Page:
Despite widespread efforts to implement climate services, there is almost no literature that systematically analyzes users’ needs. This paper addresses this gap by applying a decision analysis perspective to identify what kind of mean sea level rise (SLR) information is needed for local coastal adaptation decisions. Authors first characterize these decisions, then identify suitable decision analysis approaches and the sea level information required, and finally discuss if and how these information needs can be met given the state of the art of sea level science. They find that four types of information are needed:(i) probabilistic predictions for short‐term decisions when users are uncertainty tolerant; (ii) high‐end and low‐end SLR scenarios chosen for different levels of uncertainty tolerance; (iii) upper bounds of SLR for users with a low uncertainty tolerance; and (iv) learning scenarios derived from estimating what knowledge will plausibly emerge about SLR over time. Probabilistic predictions can only be attained for the near term (i.e., 2030–2050) before SLR significantly diverges between low and high emission scenarios, for locations for which modes of climate variability are well understood and the vertical land movement contribution to local sea levels is small. Meaningful SLR upper bounds cannot be defined unambiguously from a physical perspective. Low‐to high‐end scenarios for different levels of uncertainty tolerance and learning scenarios can be produced, but this involves both expert and user judgments. The decision analysis procedure elaborated here can be applied to other types of climate information that are required for mitigation and adaptation purposes.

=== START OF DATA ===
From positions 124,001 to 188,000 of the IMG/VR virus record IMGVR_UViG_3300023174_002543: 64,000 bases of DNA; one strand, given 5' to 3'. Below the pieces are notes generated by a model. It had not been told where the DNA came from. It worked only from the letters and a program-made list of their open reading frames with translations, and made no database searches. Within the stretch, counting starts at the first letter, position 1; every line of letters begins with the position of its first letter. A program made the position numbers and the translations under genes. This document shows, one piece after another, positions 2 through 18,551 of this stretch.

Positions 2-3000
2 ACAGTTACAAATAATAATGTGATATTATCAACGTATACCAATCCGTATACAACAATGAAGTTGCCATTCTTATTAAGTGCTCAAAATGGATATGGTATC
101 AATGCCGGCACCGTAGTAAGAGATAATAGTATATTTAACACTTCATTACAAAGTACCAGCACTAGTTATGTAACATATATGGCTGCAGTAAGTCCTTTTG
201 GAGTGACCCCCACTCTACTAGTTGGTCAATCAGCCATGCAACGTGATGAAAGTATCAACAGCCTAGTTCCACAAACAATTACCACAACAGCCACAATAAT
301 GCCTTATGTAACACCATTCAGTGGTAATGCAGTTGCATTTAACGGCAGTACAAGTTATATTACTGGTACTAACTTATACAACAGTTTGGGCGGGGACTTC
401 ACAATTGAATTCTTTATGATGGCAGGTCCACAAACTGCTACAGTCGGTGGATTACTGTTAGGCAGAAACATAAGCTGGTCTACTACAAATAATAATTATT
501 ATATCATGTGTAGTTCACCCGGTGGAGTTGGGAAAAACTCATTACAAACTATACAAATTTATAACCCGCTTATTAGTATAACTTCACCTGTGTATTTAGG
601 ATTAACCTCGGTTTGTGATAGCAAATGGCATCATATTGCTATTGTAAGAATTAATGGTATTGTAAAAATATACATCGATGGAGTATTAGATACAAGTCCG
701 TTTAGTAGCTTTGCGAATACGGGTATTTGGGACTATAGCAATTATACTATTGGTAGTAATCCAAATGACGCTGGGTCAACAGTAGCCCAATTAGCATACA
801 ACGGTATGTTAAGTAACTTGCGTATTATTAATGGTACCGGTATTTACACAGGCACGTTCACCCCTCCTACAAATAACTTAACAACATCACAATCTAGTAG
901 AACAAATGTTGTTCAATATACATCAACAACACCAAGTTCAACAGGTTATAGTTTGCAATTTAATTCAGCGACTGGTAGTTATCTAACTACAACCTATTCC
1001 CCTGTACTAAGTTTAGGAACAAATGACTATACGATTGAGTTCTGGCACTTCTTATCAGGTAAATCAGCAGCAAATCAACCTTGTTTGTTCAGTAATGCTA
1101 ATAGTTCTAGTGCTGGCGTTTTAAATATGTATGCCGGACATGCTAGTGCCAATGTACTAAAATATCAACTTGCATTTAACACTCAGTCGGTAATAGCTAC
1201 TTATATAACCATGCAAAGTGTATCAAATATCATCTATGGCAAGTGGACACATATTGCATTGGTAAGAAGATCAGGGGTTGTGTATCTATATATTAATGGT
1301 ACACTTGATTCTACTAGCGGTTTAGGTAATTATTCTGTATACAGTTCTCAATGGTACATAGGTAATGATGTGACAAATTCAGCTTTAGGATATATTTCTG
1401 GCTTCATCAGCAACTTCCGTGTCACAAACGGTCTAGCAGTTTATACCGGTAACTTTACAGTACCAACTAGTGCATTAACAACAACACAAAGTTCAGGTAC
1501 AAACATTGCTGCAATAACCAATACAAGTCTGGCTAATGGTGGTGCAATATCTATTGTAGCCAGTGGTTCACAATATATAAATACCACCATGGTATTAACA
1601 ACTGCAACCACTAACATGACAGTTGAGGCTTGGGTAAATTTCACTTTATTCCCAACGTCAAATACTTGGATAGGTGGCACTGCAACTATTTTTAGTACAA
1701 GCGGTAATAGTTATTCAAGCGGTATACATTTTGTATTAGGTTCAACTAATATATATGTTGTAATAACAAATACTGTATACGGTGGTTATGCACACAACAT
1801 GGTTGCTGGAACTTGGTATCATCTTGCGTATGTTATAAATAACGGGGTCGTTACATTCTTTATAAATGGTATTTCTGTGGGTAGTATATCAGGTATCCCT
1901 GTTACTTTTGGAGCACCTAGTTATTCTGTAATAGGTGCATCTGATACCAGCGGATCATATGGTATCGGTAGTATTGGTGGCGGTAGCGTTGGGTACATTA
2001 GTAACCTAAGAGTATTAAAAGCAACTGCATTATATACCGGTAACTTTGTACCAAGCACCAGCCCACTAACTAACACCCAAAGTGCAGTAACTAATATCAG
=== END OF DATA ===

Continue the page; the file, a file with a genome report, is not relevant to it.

Written by: Jochen Hinkel, John A. Church, Jonathan M. Gregory, Erwin Lambert,Gonéri Le Cozannet, Jason Lowe, Kathleen L. McInnes, Robert J. Nicholls, Thomas D. van der Pol, and Roderik van de Wal
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